If you ask people where in Denmark they are from, a native of Aarhus might say fra Aarhus af (“from Aarhus”, but more literally “from of Aarhus”) whereas a Copenhagener will just say fra København, omitting the superfluous af.


Copenhagen’s central lakes link neighbourhoods on one side of the city to the other, spanning from Vesterbro in the west to Østerbro in the east, with the historic Inner City and diverse Nørrebro districts also on each side of the shallow lakes.

These lakes form a breathing space in the centre of Copenhagen where hundreds of city residents use them each day to go for a walk or run. In the summer, the popular bridge Dronning Louises Bro takes the character of a park as Copenhageners sit on its rails and benches to share a beer or listen to music.

Copenhagen’s lakes. Photo: Mathias Svold/Ritzau Scanpix

The closest literal equivalent of this in Aarhus is the section of the canal between Mindeparken and the central square Store Torv, but it’s a far less popular spot. Unlike Dronning Louises Bro, which connects two busy but distinct parts of the city, the Aarhus canal doesn’t have naturally heavy footfall.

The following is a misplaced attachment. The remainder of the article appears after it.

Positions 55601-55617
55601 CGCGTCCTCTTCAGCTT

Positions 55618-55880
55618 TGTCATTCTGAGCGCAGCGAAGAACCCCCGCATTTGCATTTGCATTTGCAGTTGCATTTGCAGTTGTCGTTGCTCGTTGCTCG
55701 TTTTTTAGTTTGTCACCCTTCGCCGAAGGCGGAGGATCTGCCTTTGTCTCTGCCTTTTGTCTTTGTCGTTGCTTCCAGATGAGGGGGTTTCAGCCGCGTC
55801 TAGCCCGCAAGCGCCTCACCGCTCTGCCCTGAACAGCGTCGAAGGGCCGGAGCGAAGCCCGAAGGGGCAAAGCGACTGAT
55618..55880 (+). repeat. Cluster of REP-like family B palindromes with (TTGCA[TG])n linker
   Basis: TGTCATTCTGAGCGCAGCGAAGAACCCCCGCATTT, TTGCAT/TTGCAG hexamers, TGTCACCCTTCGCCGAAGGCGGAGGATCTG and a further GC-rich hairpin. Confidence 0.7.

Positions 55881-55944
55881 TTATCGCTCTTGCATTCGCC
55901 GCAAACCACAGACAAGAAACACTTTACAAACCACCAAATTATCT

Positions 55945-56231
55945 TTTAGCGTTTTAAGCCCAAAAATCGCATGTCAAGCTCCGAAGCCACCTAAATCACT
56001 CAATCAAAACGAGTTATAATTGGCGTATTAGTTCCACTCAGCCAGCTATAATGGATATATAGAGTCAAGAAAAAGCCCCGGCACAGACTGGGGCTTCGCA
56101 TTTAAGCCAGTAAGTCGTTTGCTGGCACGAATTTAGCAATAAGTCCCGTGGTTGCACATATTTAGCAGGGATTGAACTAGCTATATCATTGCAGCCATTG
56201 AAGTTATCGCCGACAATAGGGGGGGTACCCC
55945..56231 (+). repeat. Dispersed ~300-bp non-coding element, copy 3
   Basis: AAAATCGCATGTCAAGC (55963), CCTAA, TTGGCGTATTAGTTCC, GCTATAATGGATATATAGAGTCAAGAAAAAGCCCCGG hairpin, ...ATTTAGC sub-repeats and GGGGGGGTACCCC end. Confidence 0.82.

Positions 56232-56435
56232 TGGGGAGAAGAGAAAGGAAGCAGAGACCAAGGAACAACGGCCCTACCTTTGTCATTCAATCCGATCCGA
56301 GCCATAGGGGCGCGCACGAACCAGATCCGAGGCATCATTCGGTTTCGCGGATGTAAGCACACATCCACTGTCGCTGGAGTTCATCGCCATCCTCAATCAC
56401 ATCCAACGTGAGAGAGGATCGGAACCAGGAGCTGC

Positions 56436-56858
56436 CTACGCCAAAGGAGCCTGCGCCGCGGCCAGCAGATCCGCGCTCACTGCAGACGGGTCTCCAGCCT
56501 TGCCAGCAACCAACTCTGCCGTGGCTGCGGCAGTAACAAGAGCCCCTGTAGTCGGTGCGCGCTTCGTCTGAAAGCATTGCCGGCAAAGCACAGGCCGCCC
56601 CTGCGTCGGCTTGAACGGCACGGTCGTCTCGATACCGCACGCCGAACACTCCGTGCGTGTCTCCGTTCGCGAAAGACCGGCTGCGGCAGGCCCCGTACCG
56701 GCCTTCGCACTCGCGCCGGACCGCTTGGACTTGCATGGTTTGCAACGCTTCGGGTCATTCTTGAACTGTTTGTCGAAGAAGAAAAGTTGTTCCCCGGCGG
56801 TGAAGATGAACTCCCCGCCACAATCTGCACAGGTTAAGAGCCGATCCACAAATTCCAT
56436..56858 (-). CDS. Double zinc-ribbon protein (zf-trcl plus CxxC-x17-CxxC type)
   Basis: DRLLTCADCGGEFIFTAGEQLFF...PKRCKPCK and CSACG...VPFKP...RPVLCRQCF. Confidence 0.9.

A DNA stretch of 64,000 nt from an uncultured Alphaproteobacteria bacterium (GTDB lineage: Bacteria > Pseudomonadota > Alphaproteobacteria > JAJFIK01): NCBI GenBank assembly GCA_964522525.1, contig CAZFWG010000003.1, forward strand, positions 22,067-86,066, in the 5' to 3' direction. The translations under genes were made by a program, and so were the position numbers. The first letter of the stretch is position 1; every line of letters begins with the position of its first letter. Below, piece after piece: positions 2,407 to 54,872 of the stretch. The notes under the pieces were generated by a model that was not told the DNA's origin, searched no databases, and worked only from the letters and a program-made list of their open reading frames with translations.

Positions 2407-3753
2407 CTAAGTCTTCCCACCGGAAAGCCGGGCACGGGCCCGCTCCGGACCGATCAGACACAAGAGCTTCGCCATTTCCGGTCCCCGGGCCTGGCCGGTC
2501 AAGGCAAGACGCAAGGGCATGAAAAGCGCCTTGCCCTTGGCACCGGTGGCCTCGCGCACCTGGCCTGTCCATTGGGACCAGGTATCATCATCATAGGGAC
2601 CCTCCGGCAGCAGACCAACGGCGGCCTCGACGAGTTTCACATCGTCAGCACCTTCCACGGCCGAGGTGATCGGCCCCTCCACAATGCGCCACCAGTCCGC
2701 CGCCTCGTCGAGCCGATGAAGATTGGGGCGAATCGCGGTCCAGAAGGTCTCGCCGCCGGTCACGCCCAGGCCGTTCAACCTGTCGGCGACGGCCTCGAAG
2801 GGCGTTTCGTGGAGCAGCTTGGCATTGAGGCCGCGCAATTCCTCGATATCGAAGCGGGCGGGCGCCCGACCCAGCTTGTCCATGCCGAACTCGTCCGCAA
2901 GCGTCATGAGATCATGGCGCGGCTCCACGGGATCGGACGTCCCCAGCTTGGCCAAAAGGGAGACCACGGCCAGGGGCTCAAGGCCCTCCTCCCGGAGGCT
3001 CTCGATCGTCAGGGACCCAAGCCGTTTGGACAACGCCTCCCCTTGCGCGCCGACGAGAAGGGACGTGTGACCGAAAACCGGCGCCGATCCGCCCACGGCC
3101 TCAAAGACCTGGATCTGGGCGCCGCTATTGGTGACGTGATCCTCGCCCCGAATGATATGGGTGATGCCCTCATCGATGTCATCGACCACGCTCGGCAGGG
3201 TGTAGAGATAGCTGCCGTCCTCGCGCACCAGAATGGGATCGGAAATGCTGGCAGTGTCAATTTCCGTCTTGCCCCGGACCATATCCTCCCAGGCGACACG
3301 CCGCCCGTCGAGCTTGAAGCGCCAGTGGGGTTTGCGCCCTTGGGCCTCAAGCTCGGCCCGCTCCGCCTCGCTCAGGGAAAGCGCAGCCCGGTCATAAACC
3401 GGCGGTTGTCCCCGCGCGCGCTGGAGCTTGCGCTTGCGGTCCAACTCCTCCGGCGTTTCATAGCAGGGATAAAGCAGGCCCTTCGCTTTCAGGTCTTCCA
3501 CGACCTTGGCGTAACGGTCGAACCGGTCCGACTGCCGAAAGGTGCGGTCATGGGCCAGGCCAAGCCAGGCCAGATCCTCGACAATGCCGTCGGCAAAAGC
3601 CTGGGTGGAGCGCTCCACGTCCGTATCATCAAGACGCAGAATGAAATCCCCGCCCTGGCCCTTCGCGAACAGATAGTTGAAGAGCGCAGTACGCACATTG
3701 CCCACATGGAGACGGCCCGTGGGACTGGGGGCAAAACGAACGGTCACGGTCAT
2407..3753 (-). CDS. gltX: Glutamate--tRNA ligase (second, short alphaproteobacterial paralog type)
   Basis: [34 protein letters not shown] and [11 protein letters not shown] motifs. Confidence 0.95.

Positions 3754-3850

Aarhus doesn’t have one place that immediately springs to mind when you think of a place in the city centre to go for a run, walk or to congregate within the city space. Instead, it has several alternatives: the University Park, the area around the Dokk1 library and the redeveloped harbour, and the small grassy hill on Graven street in the Aarhus Latinerkvarter “Latin Quarter”.

The latter spot, occasionally dubbed “Hipster Hill”, is a popular space to gather on warm summer evenings, just like Dronning Louises Bro in Copenhagen.

Other natural spots

Both cities are remarkably close to nature with easy access to parks, forests and the sea. Both have a botanisk have (botanical garden) and a dyrehave (“animal park”, a protected park where wild animals, particularly small deer, freely roam).

The Copenhagen versions are both somewhat larger than their counterparts in Aarhus, but all are a good size.